Sunday 8 September 1996

An Orange parade in Dunloy, County Antrim was rerouted by the Royal Ulster Constabulary (RUC). In protest at this decision the Orangemen held a short stand-off at a police line.

Monday 8 September 1997

Mary Robinson, then President of the Republic of Ireland, paid her final visit before retiring to Northern Ireland. Robinson attended a meeting of the Council for Ethnic Minorities and also addressed a special meeting of community and voluntary sector groups at Balmoral, Belfast.

[Previous visits by the President had been criticised by Unionist politicians particularly when she shook hands with Gerry Adams, then President of Sinn Féin (SF), in 1993.]

John Hume, then leader of the Social Democratic and Labour Party (SDLP), announced that he would not be standing in the forthcoming Presidential election in the Republic of Ireland. Hume said that he felt a duty to stay with the SDLP at the “crucial stage” of the peace process.

Saturday 8 September 2001

A Catholic primary school Newington Avenue in north Belfast was damaged in an arson attack.


Remembering all innocent victims of the Troubles

Today is the anniversary of the follow  people killed as a results of the conflict in Northern Ireland

To the innocent on the list – Your memory will live forever

– To  the Paramilitaries  –

“There are many things worth living for, a few things worth dying for, but nothing worth killing for.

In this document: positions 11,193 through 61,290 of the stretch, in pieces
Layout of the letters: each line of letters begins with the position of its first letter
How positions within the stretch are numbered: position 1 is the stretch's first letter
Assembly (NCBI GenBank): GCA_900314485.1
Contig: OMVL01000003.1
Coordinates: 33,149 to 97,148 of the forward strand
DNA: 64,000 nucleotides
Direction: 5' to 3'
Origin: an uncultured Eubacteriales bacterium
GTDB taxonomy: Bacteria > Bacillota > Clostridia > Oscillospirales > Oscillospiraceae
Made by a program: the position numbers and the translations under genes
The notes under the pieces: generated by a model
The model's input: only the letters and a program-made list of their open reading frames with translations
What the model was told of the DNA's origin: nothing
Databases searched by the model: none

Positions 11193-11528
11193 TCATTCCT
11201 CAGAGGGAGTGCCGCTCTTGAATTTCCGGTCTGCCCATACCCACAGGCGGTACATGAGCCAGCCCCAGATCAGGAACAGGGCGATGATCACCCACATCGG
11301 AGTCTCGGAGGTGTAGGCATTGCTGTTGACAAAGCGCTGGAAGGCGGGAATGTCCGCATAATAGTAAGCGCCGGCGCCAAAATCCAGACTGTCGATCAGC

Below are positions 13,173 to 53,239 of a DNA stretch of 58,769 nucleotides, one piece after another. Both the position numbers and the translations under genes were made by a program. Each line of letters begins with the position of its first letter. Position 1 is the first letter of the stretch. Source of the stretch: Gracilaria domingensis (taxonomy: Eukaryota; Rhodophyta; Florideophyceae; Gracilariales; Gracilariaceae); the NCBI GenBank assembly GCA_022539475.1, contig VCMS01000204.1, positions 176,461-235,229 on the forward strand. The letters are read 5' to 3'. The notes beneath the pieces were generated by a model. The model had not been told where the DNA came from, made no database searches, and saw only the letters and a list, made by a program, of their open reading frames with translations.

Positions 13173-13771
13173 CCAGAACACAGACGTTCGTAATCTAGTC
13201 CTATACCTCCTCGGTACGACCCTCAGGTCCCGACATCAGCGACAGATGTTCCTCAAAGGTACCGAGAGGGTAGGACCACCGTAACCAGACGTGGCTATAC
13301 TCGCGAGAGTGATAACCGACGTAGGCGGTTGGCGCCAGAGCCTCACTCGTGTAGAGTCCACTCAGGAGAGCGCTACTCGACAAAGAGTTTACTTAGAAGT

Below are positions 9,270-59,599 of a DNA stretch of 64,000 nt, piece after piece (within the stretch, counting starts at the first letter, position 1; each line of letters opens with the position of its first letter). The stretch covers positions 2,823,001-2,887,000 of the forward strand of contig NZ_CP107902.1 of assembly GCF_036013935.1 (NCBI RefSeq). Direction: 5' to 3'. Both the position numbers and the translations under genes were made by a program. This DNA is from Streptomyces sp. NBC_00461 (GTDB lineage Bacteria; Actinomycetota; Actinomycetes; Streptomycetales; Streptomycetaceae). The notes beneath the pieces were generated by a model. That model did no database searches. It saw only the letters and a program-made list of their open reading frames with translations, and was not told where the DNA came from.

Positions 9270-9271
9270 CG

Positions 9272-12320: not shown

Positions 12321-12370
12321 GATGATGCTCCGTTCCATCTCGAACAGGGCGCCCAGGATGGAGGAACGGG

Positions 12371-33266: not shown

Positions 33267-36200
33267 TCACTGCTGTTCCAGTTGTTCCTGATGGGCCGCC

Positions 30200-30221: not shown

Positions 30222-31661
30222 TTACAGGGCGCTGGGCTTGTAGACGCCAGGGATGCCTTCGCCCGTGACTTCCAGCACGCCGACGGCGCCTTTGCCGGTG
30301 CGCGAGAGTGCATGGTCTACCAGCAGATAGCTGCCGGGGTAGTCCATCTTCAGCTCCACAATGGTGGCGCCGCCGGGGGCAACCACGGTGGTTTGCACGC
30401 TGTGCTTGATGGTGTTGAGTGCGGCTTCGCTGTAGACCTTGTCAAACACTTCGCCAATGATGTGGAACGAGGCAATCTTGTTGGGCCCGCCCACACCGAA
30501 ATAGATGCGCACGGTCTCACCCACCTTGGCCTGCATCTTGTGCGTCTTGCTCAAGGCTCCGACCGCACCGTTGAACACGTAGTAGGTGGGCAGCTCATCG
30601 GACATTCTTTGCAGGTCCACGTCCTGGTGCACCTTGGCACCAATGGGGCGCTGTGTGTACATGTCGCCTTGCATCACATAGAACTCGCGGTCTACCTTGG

6 People lost their lives on the 8th September  between 1969 – 1985

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08 September 1969
John Todd,  (29)

Protestant
Status: Civilian (Civ),

Killed by: non-specific Republican group (REP)
Shot during street disturbances, Alloa Street, Lower Oldpark, Belfast.

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08 September 1974
Arthur Rafferty,   (56)

Catholic
Status: Civilian (Civ),

Killed by: Irish Republican Army (IRA)
Died three weeks after being shot in Newington Street, New Lodge, Belfast.

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08 September 1975
Andrew Craig,  (20)

Protestant
Status: Ulster Defence Association (UDA),

Killed by: Irish Republican Army (IRA)
Found shot at corner of Alfred Street and Russell Street, Markets, Belfast.

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08 September 1977
Hugh Rogers,  (50)

Catholic
Status: Ulster Defence Regiment (UDR),

Killed by: Irish Republican Army (IRA)
Off duty. Shot outside his home, Orchardville Crescent, Finaghy, Belfast.

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08 September 1985


Gerard Mahon,  (28)

Catholic
Status: Civilian (Civ),

Killed by: Irish Republican Army (IRA)
Found shot, together with his wife, in entry off Norglen Crescent, Turf Lodge, Belfast. Alleged informer.

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08 September 1985


Catherine Mahon,  (26)

Catholic
Status: Civilian (Civ),

Killed by: Irish Republican Army (IRA)
Found shot, together with her husband, in entry off Norglen Crescent, Turf Lodge, Belfast. Alleged informer.


Main source CAIN Web Service

Major Events in the Troubles

See: IRA Internal Security Unit – Nutting Squad

See: 9th September